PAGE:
June 13, 2012 |
The gender gap persists in academic medicine, with female physicians who do research earning about $13,000 a year less than their male counterparts, researchers reported Tuesday in the journal JAMA. The coauthors, from the University of Michigan and Duke University's Fuqua School of Business, surveyed 1,729 physician-researchers who received National Institutes of Health grants for career development between 2000 and 2003 -- reasoning that members of that cohort were likely to have similar aptitude and to conduct similar work.
January 29, 2013 |
Some popular diets advise against late-night snacking or even eating after 6 p.m. Now, there's some research to confirm that when you eat could matter as well as what you eat if you're trying to shed pounds. A study in Spain followed 420 men and women on a diet for 20 weeks. They were grouped into early eaters -- those who had their main meal before 3 p.m. - and late eaters - those who had it after. (The participants followed the Mediterranean diet, in which the main meal was lunch.)
October 22, 2012 |
Something's in the air in Italy -- and that something is cocaine. A study of eight major metropolitan hubs in the country, published this week in the journal Environmental Pollution, has found trace levels of cocaine and cannabanoids from marijuana use. The researchers also monitored the more pedestrian (and legal) drugs of abuse, nicotine and caffeine. The study is a government-sponsored follow-up to a 2006 study in Rome, which found trace elements of cocaine in the air. Why measure atmospheric coke?
December 25, 2012 |
Obesity may be declining slightly among preschoolers in low-income families, researchers looking at federal data said. Obesity and extreme obesity in childhood have been associated with other risk factors for heart disease and with premature death . And the condition is likely to continue into adulthood, Dr. Liping Pan of the federal Centers for Disease Control and Prevention wrote. The authors analyzed data from the Pediatric Nutrition Surveillance System, which includes almost half of the children eligible for federal maternal and child health and nutrition programs.
December 13, 2010 |
Salvia turned up on the pop culture radar last week after Miley Cyrus, caught on a video using a bong, said she was smoking salvia, not marijuana. So what’s the difference? Researchers at Johns Hopkins University have been looking into that very thing. Little research has been done on the effects of Salvia divinorum , an herb in the mint family that has been used as a hallucinogenic drug. As this Baltimore Sun story explains: "The study, while small and in a tightly controlled environment, appeared to show that the drug could be surprisingly intense and disorienting.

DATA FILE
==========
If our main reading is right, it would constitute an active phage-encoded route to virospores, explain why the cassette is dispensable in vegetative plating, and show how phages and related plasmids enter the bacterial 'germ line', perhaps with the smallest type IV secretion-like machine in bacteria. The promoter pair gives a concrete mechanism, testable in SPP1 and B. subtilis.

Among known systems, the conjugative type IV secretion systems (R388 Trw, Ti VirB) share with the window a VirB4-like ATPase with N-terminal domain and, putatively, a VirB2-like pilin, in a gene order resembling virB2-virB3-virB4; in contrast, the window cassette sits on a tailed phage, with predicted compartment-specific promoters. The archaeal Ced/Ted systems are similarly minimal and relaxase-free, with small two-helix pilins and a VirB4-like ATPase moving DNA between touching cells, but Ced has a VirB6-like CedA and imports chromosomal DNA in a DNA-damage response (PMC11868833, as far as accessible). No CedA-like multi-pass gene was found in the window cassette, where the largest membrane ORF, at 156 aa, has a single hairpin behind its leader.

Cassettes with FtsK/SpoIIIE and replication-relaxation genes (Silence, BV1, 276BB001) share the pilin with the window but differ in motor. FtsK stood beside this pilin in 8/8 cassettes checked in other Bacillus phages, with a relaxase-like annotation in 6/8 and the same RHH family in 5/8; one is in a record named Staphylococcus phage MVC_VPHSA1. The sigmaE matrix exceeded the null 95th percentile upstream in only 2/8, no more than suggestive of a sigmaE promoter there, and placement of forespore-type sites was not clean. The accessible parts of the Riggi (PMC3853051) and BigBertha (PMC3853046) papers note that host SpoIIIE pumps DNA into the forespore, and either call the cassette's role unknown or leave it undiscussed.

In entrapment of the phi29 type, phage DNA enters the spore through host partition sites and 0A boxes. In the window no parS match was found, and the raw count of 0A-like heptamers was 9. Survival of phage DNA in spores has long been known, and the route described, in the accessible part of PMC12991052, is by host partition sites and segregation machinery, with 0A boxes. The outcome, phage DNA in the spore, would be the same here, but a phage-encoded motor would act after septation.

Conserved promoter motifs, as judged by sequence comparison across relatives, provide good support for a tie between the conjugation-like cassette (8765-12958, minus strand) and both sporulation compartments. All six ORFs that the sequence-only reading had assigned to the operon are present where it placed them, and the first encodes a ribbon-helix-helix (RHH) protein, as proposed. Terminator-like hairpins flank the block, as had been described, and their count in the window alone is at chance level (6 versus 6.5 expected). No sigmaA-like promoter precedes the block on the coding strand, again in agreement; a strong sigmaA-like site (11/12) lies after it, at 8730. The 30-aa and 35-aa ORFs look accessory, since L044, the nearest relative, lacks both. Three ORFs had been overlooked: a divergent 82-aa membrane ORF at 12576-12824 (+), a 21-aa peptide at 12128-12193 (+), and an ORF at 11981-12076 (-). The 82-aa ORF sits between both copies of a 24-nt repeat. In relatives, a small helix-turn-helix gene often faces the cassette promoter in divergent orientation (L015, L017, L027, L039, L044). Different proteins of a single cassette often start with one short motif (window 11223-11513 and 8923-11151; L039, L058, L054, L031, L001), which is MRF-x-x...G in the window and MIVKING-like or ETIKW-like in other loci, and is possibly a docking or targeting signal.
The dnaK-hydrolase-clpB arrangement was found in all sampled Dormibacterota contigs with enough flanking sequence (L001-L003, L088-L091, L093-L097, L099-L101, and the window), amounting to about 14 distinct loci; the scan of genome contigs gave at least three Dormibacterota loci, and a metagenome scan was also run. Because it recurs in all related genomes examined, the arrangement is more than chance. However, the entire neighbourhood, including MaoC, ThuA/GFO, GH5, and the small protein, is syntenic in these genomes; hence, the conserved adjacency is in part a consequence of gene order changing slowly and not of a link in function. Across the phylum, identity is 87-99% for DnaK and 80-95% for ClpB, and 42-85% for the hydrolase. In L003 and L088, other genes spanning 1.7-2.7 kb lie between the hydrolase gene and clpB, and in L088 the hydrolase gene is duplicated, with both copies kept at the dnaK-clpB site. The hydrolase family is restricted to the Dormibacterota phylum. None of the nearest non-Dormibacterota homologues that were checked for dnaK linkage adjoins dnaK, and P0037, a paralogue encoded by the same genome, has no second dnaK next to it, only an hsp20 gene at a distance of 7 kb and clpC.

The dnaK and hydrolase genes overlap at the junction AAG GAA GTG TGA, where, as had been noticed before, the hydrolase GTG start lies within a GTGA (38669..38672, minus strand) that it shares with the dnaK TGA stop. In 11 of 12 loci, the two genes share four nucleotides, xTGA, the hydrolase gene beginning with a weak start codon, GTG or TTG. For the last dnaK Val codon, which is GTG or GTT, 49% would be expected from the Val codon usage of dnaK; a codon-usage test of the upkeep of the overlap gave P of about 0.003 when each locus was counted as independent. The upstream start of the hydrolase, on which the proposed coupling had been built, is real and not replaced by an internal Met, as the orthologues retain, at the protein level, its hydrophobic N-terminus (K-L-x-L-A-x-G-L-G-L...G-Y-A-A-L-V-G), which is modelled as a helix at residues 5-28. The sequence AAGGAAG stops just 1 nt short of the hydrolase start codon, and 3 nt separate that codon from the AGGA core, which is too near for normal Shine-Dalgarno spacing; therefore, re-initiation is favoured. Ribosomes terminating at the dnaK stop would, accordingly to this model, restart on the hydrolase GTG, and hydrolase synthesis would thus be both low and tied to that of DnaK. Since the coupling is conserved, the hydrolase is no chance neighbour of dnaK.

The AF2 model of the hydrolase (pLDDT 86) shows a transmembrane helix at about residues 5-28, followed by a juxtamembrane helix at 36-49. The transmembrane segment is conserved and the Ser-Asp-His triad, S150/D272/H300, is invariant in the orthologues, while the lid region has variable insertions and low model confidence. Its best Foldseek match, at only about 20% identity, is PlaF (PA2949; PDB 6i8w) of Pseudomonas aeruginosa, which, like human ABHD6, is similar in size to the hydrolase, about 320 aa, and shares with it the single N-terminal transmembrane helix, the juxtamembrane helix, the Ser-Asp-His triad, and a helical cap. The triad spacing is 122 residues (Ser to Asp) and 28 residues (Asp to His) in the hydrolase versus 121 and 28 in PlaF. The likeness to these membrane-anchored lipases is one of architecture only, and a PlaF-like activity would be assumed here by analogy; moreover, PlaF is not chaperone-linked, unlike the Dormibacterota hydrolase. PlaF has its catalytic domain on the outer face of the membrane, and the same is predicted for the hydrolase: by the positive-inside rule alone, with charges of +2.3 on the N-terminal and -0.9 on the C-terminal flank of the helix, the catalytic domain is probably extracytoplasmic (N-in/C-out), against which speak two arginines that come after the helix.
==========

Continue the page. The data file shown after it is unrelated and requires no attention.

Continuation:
June 13, 2013 |
The U.S. Supreme Court decision that Myriad Genetics cannot patent two genes linked to ovarian and breast cancer came as welcome relief to researchers whose work on BRCA1 and BRCA2 genes had been thwarted by legal challenges from the company. But while researchers and clinicians no longer will receive cease-and-desist orders from Myriad, they will have to labor for years to catch up with the data and analysis the Utah-based company has been able to accumulate during the 17 years it held a U.S. monopoly on analyzing the genes, said Eric Topol, director of the Scripps Translational Science Institute in La Jolla.
January 29, 2013 |
Scientists have found a new way to study spider webs that literally shines a light on arachnid technology like never before. Using light-scattering technology previously used for studying proteins, collagens and muscle fibers, researchers at Arizona State University measured the strength, elasticity and stiffness of spider webs. Scientists hope what they learn can help them develop new technologies for everyday life. Researchers collected silk from a garden spider, western black widow, orb-weaver spider and green lynx spider.
September 10, 2010
What makes a corporate merger go bad? Is it a dramatic change in stock price? A revelation about an unprofitable business unit? Resistance from federal regulators? Researchers from the University of British Columbia propose another explanation – too much testosterone . Maurice Levi, Kai Li and Feng Zhang of the university’s Sauder School of Business came up with their theory based on prior research showing that the male sex hormone affects the way men play the ultimatum game . In one version of this game, Player A was asked to divide up $40 between himself and Player B – he could choose either a $35-$5 split, or a $15-$25 split.
January 8, 2011 |
Organic produce is more expensive than the conventional variety, and there are many reasons why consumers fork over that extra money. But if one of those reasons is a belief that organic fruits and veggies are healthier, Danish researchers have some bad news. A detailed scientific assessment of carrots, potatoes and onions – some grown conventionally and some grown organically – found that all of the veggies had essentially the same levels of flavonoids and phenolic acids, two types of nutrients that are thought to be helpful in preventing ailments such as heart disease, cancer and dementia.
February 24, 2012 |
A mental illness that strikes young children suddenly may be caused by a range of factors, including infections, according to a new report. The paper, published in the journal Pediatrics & Therapeutics, reflects a consensus statement on a condition called Pediatric Autoimmune Neuropsychiatric Disorders Associated with Streptococcal infections -- or PANDAS. PANDAS causes the abrupt onset of obsessive-compulsive symptoms in young children. In many cases, children fell ill after having a simple, childhood streptococcal infection, such as strep throat.